Gold prices edged down yesterday as early bargain hunting subsided and a weaker dollar was probably needed to help the metal break free from its current range.
Spot gold hit an intraday high of $1,124.30 an ounce and was at $1,120.40 down $2.45 from New York's notional close on Monday, when it fell one per cent. Bullion was also around one per cent below a 6-1/2-week high near $1,150 an ounce hit in early March.
Speculators, who have built up positions in New York on worries about Greece's ability to repay its debt, may unwind holdings further but gold could find support at the current levels. Dealers shrugged off news that China would be prudent in buying gold as a component of official reserves.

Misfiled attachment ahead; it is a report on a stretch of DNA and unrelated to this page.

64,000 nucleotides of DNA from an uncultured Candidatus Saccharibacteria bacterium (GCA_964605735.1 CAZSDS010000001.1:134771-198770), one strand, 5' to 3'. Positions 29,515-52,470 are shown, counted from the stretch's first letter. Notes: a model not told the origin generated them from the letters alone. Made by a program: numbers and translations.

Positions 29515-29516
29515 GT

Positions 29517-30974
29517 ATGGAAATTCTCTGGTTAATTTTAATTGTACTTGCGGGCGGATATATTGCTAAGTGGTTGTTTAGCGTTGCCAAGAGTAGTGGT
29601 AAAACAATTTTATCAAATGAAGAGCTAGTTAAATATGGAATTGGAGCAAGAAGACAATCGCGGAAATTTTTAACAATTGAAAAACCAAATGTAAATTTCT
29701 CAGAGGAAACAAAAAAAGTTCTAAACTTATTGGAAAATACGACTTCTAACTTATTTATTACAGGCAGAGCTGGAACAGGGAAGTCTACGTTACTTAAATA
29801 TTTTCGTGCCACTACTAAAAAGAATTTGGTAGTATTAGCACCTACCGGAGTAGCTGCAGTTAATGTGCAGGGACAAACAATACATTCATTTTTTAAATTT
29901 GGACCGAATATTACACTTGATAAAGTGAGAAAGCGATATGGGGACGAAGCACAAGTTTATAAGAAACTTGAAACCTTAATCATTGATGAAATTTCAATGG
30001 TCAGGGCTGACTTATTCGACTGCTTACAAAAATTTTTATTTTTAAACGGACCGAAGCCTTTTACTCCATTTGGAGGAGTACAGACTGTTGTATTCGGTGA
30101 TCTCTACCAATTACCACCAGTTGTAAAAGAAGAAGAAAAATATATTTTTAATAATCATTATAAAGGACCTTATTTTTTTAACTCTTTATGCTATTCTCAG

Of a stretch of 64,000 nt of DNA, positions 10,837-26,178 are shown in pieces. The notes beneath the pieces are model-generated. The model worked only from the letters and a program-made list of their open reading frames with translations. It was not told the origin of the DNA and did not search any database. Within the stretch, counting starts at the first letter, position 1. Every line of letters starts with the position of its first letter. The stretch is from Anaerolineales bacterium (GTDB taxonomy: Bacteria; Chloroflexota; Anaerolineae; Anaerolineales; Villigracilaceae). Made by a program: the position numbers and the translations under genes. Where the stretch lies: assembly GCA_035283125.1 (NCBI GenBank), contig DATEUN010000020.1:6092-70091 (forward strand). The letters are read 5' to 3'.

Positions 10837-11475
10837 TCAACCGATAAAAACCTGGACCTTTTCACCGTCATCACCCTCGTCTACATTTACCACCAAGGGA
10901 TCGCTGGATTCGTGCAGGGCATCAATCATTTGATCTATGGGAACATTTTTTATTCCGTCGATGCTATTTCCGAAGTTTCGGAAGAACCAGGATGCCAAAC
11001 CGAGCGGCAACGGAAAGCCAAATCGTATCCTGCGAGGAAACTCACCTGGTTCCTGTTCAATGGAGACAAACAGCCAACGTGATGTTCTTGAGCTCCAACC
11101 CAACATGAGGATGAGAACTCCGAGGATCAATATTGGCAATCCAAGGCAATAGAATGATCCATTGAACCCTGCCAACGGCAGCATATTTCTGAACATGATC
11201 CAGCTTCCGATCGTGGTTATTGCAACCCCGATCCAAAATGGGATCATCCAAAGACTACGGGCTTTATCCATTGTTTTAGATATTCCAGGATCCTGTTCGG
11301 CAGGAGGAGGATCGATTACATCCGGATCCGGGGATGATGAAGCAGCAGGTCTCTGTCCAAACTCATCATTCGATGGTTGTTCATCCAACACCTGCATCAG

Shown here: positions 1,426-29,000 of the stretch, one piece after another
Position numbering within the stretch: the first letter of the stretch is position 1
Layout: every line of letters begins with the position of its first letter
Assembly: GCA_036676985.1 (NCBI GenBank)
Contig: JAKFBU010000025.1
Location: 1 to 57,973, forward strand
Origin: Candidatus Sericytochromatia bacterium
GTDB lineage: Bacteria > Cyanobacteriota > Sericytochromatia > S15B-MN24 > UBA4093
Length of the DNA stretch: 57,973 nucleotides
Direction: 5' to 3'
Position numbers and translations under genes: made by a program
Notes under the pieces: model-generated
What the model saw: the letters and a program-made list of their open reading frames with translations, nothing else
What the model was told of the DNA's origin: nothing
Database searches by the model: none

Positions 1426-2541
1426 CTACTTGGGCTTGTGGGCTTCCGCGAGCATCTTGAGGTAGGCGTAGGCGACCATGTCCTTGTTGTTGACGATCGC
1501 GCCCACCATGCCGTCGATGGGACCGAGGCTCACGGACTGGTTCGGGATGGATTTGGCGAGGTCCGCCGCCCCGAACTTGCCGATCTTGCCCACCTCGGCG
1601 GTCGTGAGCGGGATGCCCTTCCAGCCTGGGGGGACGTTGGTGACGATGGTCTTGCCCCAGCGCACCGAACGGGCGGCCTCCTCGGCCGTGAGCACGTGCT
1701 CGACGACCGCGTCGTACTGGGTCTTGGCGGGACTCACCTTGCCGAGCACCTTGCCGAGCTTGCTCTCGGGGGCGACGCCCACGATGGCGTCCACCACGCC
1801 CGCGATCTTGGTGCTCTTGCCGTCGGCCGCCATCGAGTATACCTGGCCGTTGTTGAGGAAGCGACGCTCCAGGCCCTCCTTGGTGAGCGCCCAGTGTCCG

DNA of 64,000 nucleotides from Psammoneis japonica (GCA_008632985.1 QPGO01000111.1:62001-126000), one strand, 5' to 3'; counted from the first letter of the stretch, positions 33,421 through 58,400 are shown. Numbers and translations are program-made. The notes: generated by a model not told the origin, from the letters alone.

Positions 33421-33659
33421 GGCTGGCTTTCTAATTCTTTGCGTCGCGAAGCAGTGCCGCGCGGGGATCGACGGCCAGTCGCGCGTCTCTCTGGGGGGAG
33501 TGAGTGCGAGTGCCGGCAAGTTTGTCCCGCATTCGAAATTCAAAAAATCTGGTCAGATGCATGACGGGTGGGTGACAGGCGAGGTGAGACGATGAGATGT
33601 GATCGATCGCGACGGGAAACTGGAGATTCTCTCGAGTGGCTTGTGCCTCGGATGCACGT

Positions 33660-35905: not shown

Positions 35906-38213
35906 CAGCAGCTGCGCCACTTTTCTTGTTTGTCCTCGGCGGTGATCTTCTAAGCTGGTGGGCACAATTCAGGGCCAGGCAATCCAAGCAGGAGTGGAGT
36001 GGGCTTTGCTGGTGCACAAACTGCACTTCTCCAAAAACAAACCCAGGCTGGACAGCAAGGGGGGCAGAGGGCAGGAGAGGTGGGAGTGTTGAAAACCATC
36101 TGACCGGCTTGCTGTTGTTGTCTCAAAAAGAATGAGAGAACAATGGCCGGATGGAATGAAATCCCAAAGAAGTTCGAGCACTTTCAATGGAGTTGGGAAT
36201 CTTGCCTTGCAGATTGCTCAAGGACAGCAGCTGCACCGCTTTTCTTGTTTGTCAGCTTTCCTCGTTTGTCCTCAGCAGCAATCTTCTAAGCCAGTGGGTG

"It's still trading above the 50- and 100-day moving average, which is encouraging. If they can stay above $1,110, there's a chance it could move back up towards $1,150," said Mark Pervan, senior commodities analyst at ANZ in Melbourne.
US gold futures for April delivery fell $2 to $1,122, having ended one per cent lower on technical selling. SPDR Gold Trust said its holdings stood at 1,116.120 tonne as at March 8. Platinum and palladium slipped, but held near their recent highs on hopes of steady demand from autocatalysts.
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